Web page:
BY MICHAEL LAMENDOLA, Gazette Reporter
General Electric is adding jobs in its steam turbine and generator unit at the Schenectady campus, a welcome sign of growth, local officials said.
The company plans to hire 15 to 25 hourly employees, the “result of a small uptick we’re seeing in new equipment volume in the plant, as well as an anticipated increase in services work,” said GE spokeswoman Christine Horne.
GE will build three D-11 steam turbines and generators in Schenectady as part of a $750 million contract it landed with Reliance Power Ltd. of India. The company will also build six Frame 9FA gas turbines in South Carolina and provide training and long-term service for the project.
The contract is the largest gas turbine combined-cycle project in India’s history and will help the country meet its continuing demand for reliable electricity to support its rapidly growing economy, according to GE.
In a combined-cycle configuration, exhaust gas from a gas turbine-generator is converted to steam, which is used to drive a steam turbine-generator, enabling the plant to produce additional power without an increase in fuel consumption, according to GE.
Horne said the contract will support more than 1,200 manufacturing and 400 engineering jobs in Schenectady.
President Barack Obama had planned to discuss the Indian contract and the importance of promoting free trade agreements as a way to create American jobs during his visit to Schenectady on Tuesday. He postponed the visit following Saturday’s assassination attempt on U.S. Rep. Gabrielle Giffords in Tucson, Ariz.
Hugh Johnson of Hugh Johnson Advisors in Albany said the GE contract reflects that the global demand for power systems is starting to improve. “GE has a special position in the power system business globally,” he said. “When you see GE Power Systems is hiring, that means there is an increase in demand.”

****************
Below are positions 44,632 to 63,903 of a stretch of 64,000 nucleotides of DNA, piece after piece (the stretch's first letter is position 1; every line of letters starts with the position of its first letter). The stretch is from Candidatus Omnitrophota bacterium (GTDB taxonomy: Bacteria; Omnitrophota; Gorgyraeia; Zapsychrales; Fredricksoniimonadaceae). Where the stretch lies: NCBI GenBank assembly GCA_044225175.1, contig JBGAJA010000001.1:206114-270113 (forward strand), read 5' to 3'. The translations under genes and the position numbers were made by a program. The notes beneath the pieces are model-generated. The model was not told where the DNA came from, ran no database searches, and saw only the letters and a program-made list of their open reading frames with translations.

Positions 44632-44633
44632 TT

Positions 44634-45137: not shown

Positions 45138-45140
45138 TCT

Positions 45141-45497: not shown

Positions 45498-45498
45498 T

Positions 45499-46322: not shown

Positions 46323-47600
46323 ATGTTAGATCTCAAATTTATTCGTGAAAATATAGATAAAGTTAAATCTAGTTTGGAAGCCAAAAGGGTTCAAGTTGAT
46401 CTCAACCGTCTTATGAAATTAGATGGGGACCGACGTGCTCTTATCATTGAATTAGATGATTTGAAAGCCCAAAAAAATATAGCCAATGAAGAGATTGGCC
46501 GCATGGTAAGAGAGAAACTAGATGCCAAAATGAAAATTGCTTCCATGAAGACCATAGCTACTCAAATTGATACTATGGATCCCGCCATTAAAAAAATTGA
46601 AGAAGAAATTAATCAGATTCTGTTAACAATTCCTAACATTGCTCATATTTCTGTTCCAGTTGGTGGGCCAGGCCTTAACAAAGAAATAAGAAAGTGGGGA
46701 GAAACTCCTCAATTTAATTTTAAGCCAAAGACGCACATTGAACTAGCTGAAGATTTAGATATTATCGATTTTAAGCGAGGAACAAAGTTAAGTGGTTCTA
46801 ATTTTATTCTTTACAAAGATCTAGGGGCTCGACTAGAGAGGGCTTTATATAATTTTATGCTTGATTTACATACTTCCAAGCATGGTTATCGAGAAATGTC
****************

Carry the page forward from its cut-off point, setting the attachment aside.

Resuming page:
The Schenectady campus is home to GE’s energy division, including an operations center that monitors 13,500 GE wind turbines scattered across the world, with the capacity to monitor thousands more. It employs 650 people — engineers, technicians and support personnel — and serves as headquarters for GE’s renewable energy business.
GE is converting Building 66 on the Schenectady campus into a $100 million facility that will build sodium metal halide batteries. The battery plant will open this year and is projected to produce approximately 10 million cells annually when at full capacity. The power cells will have the capability of generating 900 megawatt-hours of energy per year — the equivalent of the battery power required for 45,000 plug-in hybrid electric vehicles with an 80-mile range, or enough energy to support 1,000 GE hybrid locomotives, the company states.
Since entering the market in 2002, GE has invested nearly $1 billion in developing renewable energy technologies, and its wind turbines comprise half of all those installed in the United States. It also has wind turbines in 11 other countries, generating 20 gigawatts of energy.
Ray Gillen, commissioner of Economic Development and Planning for Schenectady County, said the growth of GE’s energy business is an important story. “When you look at the two projects — 650 jobs at the Renewable Energy Headquarters and 350 jobs at the battery plant — that’s 1,000 jobs.
Now you see jobs being created in steam turbines and generators,” he said. “This is one of the top five manufacturing campuses in the state.”
The downtown GE campus employs 4,000 people and the GE Research and Development Center in Niskayuna employs 2,000 people, Gillen said.
Since 2004, GE has invested more than $200 million in Schenectady County, including four different projects at the R&D center, the $100 million battery plant and the $45 million construction of the Renewable Energy Headquarters.
“The Schenectady County economic development team has advocated and obtained funding from the governor’s office totaling $20 million for these expansions and the Metroplex Development Authority is providing $5 million,” Gillen said. Gillen chairs Metroplex.
Gillen said the county is hoping to see further growth associated with GE. “We are hoping this will lead to the clustering of suppliers and others. This is part of a comprehensive strategy to get GE to invest in the community and create jobs.”